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Installation Art Presentation
Transcript of Installation Art Presentation
ART WHAT IS INSTALLATION ART? ORIGINS/INFLUENCE Work that fits within the realm of "installation art" has existed since art itself has, but the term/definition didn't come into popular use until the late 60's and 70's. The art world was becoming even less dominated by static, unchanging paintings, and there was an influx of artists interested in exploring "meta" concepts extending beyond the works themselves as well as embracing ephemeral, intimate art pieces singular to a specific time and place. (performance art, the "happenings" of the hippie movement, etc)
Duchamp's "Fountain" is often considered to be one of the earliest examples of modern installation art for the transformation of an object, the way it comments on the gallery setting it inhabits, and the necessity of the viewer's experience as part of the art itself. SUBGENRE: LAND ART The term "Installation art" usually refers to works that exist within interior spaces, whereas "land art" refers to a piece that exists in an outdoor setting but still shares many other characteristics with installation art SUBGENRE: VIDEO INSTALLATION MODERN
MUSEUM -Installation art refers to a category of site-specific works that are meant to change the viewer's perception & sensory experience of the space they inhabit, instilling a unique atmosphere via the arranged elements within the controlled space.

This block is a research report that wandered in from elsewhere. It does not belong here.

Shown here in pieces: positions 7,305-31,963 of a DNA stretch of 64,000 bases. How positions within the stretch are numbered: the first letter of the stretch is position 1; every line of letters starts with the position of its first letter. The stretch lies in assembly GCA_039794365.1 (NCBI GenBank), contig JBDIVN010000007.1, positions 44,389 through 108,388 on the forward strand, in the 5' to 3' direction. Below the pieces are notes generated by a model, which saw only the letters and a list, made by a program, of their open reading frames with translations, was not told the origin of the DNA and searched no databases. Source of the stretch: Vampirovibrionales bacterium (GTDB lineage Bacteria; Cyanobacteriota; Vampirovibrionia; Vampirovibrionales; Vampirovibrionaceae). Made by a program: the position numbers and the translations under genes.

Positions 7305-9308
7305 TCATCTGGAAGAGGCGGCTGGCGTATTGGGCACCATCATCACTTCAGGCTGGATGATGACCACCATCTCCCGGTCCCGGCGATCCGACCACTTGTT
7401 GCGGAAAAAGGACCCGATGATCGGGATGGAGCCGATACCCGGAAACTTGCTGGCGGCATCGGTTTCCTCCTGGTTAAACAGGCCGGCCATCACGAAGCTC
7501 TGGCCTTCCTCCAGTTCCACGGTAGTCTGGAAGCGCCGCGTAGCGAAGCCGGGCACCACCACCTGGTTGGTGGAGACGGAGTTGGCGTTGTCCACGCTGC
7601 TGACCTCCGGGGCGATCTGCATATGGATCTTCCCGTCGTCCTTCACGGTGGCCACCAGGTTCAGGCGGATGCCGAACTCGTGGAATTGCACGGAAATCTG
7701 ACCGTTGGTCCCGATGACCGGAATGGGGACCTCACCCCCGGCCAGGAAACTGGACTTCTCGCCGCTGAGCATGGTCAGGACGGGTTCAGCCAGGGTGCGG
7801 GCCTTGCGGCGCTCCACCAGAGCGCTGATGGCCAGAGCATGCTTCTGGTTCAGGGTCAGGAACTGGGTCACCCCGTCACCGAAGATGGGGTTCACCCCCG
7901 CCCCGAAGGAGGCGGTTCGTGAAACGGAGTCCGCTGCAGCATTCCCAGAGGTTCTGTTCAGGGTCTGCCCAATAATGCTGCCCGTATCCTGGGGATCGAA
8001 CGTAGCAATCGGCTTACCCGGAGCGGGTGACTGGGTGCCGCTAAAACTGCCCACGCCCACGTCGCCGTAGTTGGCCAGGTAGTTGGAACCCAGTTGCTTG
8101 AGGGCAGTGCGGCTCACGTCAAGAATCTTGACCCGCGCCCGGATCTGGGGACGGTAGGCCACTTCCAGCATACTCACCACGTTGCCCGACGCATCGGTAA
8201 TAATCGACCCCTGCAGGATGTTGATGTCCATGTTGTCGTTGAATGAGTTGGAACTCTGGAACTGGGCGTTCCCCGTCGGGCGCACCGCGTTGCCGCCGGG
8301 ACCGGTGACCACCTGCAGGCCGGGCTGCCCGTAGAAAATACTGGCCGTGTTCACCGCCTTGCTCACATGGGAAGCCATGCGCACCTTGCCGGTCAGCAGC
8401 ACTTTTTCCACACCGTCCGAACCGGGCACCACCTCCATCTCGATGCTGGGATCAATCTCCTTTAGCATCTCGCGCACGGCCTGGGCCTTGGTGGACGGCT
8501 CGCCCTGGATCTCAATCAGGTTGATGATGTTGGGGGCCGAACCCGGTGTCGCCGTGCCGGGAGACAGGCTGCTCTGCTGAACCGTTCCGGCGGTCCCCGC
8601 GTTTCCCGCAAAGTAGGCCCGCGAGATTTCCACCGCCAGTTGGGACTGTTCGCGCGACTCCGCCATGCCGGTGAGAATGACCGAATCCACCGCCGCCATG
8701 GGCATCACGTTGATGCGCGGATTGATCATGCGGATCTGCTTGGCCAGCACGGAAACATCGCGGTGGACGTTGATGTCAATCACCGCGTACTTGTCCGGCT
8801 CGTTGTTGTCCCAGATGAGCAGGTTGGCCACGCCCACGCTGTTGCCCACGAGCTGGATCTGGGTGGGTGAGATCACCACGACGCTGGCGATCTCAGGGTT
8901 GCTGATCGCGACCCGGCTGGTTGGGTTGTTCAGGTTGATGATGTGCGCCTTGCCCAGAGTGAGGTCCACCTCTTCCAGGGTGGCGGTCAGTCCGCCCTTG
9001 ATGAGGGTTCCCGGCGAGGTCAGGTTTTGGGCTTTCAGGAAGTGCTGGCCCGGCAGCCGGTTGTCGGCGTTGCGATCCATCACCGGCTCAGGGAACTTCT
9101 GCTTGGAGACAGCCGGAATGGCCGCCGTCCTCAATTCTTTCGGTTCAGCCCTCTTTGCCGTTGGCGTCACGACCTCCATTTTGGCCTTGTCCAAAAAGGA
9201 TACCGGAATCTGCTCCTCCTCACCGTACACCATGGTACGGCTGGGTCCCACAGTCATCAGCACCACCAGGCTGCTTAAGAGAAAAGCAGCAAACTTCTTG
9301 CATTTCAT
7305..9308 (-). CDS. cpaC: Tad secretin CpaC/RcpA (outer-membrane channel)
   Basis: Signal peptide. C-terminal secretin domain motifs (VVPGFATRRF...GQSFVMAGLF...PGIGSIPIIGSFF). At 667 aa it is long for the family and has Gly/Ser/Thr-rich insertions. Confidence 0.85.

-Often utilize a variety of different media including sculpture, architecture, painting, found objects, projection, and even elements of theater/performance in order to transform the setting
-The viewer's own interpretation & exploration of the space is vital: one must suspend disbelief in order to fully "experience" and involve themselves in the installation (similar to theater/films)
-Installations can be either ephemeral or permanent, and many are interactive--with participants literally effecting the nature/appearance of the environment "Uffington White Horse" - est. 500-1000 BC
unknown creator(s) "Wrapped Trees" - Christo & Jean Claude,
1997-98 Santa Cruz Biennale Installation -Sonia Falcone - 2010 Flavin's light installations
Warhol's "Silver Flotations"
Kusama's dots/infinity rooms FINAL QUESTION: One of the primary responsibilities of an an art museum curator is to make decisions in selecting, arranging, and displaying pieces of artwork within a gallery space that they design and control. Could the work of a curator arguably be considered a form of installation art itself--and if so, do those who organize/display artwork created by others have any ethical responsibilities regarding how they install it? Why or why not?